Stephen Okeke is running for Mayor - 10/22/11 02:21 PM
Stephen Okeke, businessman, artist and entrepreneur, is seeking a new title – Mayor of Belize City.
But he’s never been one to think inside the box, and when he spoke with Amandala earlier this week about his candidacy, he was keen to insist that he is not interested in the ceremonial aspect of the post, nor the salary that comes with it.
As Okeke, 45, sees it, he would be more of a “city manager” – implementing his ideas to make the city more productive, beautiful, and inclusive.
Whichever view is taken, he believes that Belizeans are ready for a truly full-time mayor and councilors who are paid to manage the City – and nothing else.
“We should not have to pay part-time councilors a salary for full-time work; neither should we be thanking them for doing the jobs they are paid to do. Rather, we should demand that they do their jobs, because it is our money that pays them,” he told us.
“Enough is enough… something is wrong when a city of about 5 square miles, that has a revenue base of $17-$20 million, that is not all inhabited, cannot clean its streets, maintain its drains, or get anything else done… something is very wrong.”
After some “soul searching” and consultation with various unnamed “elders” and prominent individuals tied to the City, he said, he has made the decision to run – and, he says, he will not be alone.
In this weekend’s newspapers, he told us, he will advertise for ten other individuals who think, as he does, that it is time to form a broad, non-partisan coalition of independent-minded, experienced, intelligent individuals to take charge of Belize City and turn it around.
These individuals will receive “training in management and communications” and will act as overseers to the various departments of the council and liaison with city residents. This training begins as soon as the slate is assembled and continues if they make it to City Hall, he said.
According to Okeke, he is not going to the campaign blind to his own deficiencies, or to the established practices of Belizean politics. Already, his outspoken public appearances have earned him the ire of a major political party, and he has had to turn down the advances of two others, who responded coolly to his approaches to assist them in their campaigns.
He said he harbors no dreams of “going national,” and instead will do his best to articulate his plans and policies “forcefully.”
But he also acknowledges that the election is a choice, and if he and his team are not chosen, he says, he will not harbor any ill feelings.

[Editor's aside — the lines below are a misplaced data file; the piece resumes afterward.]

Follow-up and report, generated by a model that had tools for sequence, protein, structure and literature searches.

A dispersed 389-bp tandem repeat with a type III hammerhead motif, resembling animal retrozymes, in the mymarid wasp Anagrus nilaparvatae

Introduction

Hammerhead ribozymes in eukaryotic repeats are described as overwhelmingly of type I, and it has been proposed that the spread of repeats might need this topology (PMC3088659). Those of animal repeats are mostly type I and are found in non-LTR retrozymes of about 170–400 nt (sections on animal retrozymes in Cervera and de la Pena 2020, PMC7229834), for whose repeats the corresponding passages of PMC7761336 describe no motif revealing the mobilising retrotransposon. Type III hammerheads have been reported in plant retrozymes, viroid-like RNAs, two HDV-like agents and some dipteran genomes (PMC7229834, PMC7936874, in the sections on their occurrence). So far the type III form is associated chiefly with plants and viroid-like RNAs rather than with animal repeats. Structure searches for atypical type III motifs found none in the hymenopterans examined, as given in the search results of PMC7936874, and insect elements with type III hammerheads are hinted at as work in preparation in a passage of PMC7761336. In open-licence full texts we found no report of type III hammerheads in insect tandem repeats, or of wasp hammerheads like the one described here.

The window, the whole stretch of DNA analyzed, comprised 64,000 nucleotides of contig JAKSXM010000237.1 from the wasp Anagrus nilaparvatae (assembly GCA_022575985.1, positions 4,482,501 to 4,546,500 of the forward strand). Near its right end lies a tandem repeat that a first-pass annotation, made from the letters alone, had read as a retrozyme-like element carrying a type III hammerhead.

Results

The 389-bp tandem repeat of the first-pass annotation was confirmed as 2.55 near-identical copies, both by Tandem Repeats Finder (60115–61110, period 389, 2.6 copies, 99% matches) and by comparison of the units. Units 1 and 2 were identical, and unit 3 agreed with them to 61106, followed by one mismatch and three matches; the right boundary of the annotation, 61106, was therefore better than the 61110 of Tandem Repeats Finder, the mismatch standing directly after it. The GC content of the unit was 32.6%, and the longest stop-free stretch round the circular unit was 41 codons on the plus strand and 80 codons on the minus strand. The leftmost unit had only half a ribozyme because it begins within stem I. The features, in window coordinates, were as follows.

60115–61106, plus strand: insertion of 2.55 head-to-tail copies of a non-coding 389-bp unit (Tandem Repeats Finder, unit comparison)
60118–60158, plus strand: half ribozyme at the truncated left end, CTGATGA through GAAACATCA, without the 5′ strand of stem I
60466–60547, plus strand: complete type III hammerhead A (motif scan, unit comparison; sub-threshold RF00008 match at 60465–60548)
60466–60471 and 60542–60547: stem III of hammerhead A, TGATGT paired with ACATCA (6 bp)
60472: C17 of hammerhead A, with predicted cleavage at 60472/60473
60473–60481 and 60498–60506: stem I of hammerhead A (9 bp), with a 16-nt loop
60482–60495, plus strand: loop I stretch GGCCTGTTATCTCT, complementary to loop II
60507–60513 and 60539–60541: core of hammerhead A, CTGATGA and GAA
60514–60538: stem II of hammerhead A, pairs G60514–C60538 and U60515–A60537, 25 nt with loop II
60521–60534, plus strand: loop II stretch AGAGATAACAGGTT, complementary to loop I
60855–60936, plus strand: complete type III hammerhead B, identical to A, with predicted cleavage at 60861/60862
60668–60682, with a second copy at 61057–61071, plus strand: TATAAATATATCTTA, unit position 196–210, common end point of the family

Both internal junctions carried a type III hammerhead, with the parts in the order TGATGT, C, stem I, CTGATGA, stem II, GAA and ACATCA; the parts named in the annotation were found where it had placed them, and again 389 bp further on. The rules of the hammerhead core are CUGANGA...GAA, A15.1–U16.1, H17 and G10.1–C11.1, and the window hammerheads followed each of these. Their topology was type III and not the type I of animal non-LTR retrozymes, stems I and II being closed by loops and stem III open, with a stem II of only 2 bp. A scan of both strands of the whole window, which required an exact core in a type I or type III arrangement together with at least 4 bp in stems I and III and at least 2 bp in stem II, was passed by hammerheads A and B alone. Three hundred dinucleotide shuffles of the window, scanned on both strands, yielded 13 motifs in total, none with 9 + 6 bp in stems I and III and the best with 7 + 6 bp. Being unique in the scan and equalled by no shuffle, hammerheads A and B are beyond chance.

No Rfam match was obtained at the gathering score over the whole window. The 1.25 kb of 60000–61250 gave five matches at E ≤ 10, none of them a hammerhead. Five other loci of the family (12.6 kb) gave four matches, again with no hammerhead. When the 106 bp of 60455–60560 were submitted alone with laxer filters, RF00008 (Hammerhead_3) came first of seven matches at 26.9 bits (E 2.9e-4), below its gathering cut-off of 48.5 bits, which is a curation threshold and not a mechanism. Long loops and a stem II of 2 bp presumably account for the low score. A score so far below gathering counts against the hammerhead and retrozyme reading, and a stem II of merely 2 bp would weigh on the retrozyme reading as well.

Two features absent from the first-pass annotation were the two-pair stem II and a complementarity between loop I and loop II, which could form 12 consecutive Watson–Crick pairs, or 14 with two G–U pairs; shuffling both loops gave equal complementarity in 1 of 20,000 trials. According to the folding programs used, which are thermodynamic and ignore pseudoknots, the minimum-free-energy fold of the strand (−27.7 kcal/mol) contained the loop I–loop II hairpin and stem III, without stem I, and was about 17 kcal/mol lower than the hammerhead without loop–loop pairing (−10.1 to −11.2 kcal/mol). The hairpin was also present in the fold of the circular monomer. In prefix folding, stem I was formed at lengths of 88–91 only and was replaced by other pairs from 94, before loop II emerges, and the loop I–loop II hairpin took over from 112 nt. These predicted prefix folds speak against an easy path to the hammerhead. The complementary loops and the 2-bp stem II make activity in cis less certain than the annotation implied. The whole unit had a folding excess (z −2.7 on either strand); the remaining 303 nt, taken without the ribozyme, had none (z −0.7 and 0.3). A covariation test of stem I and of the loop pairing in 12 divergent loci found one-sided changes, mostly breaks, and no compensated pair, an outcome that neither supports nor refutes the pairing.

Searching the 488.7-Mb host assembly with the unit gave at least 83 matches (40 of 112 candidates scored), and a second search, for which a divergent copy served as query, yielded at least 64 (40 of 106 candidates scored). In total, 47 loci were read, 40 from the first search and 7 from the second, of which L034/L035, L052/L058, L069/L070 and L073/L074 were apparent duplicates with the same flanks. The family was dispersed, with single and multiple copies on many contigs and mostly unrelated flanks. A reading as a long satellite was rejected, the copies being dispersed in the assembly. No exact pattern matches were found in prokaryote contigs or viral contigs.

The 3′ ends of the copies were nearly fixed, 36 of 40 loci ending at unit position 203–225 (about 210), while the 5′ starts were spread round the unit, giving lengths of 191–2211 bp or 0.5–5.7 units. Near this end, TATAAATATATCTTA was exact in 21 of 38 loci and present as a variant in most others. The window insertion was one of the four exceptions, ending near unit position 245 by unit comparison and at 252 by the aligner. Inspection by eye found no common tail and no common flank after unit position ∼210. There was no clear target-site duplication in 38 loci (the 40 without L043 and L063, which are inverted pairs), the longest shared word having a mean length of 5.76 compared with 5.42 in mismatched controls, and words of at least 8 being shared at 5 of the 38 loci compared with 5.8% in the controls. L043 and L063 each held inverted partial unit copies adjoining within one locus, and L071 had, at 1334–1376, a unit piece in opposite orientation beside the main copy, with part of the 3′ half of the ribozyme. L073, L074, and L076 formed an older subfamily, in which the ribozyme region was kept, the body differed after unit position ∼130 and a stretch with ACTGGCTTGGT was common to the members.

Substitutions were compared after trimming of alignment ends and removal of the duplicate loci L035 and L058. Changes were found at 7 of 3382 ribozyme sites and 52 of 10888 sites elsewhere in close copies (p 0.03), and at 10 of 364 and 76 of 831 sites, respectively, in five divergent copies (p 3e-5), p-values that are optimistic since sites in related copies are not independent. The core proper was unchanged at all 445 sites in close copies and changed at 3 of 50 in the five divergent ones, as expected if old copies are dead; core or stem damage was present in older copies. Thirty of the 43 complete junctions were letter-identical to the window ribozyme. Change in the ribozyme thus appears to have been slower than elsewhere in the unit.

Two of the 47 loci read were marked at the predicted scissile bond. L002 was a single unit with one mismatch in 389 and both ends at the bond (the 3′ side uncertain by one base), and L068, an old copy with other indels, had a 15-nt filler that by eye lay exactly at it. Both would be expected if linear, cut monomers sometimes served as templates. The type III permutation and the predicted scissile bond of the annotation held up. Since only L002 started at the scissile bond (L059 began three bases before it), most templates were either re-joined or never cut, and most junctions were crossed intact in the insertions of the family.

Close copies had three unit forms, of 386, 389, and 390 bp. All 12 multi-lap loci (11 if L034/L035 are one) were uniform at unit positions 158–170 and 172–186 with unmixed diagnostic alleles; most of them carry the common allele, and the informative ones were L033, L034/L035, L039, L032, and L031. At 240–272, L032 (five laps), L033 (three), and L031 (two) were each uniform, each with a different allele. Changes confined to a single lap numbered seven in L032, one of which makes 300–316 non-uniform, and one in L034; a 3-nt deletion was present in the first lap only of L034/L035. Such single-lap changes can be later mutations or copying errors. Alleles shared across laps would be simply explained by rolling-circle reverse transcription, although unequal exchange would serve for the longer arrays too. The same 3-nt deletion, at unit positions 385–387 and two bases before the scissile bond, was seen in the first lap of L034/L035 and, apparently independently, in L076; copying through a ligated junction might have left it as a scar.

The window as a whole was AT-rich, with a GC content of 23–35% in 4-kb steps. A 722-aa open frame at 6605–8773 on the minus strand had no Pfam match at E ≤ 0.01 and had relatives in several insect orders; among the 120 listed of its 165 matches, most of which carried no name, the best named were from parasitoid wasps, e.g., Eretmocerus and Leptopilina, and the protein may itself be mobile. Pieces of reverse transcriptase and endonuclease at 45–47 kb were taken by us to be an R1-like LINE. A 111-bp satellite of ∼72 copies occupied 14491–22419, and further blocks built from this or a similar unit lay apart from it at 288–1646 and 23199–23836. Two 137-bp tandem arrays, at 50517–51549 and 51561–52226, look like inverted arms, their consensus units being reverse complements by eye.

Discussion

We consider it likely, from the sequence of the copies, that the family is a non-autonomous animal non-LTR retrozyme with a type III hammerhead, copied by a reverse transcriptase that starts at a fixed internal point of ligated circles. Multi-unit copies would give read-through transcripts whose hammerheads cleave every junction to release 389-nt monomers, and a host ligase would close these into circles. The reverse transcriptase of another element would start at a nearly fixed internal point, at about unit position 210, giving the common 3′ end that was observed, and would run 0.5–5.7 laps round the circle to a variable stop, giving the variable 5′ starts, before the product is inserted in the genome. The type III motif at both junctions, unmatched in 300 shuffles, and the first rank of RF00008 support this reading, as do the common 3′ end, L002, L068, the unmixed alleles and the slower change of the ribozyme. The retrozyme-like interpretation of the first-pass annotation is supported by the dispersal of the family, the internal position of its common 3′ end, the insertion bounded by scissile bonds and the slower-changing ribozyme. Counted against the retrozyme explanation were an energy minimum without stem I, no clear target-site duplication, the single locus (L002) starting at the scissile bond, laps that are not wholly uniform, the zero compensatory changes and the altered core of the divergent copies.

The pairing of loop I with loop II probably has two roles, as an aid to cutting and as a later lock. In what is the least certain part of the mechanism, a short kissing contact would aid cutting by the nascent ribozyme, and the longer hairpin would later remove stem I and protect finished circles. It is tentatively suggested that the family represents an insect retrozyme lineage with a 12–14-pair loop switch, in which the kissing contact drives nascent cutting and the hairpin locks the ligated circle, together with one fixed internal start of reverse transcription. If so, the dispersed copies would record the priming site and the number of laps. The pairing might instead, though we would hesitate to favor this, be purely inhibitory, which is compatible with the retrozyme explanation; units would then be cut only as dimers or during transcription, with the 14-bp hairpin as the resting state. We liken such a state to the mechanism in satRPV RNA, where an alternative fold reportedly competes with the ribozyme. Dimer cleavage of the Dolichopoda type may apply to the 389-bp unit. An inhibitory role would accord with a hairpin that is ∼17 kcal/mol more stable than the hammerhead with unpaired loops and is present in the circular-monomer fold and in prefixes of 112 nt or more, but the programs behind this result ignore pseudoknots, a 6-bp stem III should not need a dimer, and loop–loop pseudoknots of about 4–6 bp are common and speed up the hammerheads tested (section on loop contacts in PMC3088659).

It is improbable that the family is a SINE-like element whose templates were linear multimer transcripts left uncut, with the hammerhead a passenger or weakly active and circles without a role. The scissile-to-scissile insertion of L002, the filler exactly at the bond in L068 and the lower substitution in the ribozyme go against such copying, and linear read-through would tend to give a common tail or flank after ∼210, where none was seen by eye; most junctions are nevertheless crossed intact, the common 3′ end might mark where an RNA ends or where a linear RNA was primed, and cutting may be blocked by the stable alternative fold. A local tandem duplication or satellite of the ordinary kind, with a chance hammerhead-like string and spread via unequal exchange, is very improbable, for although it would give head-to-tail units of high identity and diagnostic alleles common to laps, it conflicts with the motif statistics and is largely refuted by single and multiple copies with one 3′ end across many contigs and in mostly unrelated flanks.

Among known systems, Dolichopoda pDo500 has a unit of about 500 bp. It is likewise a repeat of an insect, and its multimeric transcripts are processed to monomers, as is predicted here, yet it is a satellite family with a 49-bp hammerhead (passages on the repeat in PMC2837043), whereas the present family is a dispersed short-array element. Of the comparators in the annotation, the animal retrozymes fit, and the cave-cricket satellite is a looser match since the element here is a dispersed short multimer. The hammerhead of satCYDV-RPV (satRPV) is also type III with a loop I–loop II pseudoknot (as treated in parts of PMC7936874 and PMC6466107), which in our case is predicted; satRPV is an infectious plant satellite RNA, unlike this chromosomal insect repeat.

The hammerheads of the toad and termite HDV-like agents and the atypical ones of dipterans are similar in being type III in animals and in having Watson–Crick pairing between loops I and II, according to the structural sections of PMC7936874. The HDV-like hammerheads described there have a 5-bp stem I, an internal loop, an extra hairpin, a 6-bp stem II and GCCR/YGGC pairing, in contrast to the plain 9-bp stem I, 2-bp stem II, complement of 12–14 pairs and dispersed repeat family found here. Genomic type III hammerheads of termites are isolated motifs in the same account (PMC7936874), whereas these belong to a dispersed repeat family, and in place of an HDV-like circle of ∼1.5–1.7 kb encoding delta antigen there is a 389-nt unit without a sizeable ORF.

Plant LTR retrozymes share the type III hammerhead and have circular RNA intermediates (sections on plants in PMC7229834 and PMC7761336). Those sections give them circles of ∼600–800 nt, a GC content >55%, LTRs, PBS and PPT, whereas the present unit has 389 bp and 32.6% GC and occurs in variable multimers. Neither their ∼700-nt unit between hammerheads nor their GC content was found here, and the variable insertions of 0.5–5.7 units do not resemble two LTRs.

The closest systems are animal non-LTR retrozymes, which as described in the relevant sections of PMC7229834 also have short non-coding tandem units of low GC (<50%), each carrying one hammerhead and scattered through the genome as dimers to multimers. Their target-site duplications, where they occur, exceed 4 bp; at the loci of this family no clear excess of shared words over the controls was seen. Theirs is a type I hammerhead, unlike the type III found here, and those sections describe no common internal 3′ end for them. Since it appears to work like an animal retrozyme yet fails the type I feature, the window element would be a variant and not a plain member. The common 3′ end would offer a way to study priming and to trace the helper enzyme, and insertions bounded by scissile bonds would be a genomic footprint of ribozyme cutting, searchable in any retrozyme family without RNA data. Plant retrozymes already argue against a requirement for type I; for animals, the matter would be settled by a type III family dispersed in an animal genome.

Okeke believes that Belize City is best managed “like a business,” where all have a say in the city’s affairs and no one is treated differently.
On the issue of property taxes and other levies, he is blunt: “If you come to do business in our city, you must pay. We are prepared to negotiate, but you will pay, and then you will see your tax dollars at work.”
Those who currently hold contracts and jobs with the City need not fear on either count, but Okeke warns that they will insist on accountability and getting the job done right. A Belize City that can build its own industries, particularly manufacturing, and can create jobs for its residents, he told us, will not have to lean so much on central Government, though he says he is prepared to work with whoever is in power.
As for his qualifications, Okeke told us that he has years of experience, both in his native Nigeria and Belize, in running businesses and marketing ideas. For him, that is the key in choosing candidates – people who are versed with that sort of experience, but who prefer not to lend it to civil service because of fear of the nastier aspects of politics.
“If those who can do the job do not get involved, because they are afraid of politics, and those who cannot do the job are elected, then everybody will complain, and that will get us nowhere,” he warned, adding, “you cannot solve all your problems, with only half the solution.”
Okeke told us that he is well aware that the news of his running will not sit well with some quarters, and boldly stated that race may be a factor; as, on a local radio station last week a caller expressed the opinion that he, Okeke, should be “sent back where he came from on a boat.”
Detractors aside, Okeke is pushing forward with a vision of functional, planned development for Belize City and says he will run on his own platform, not capitalizing on the acknowledged problems of the incumbent UDP administration or the PUP’s internal warfare.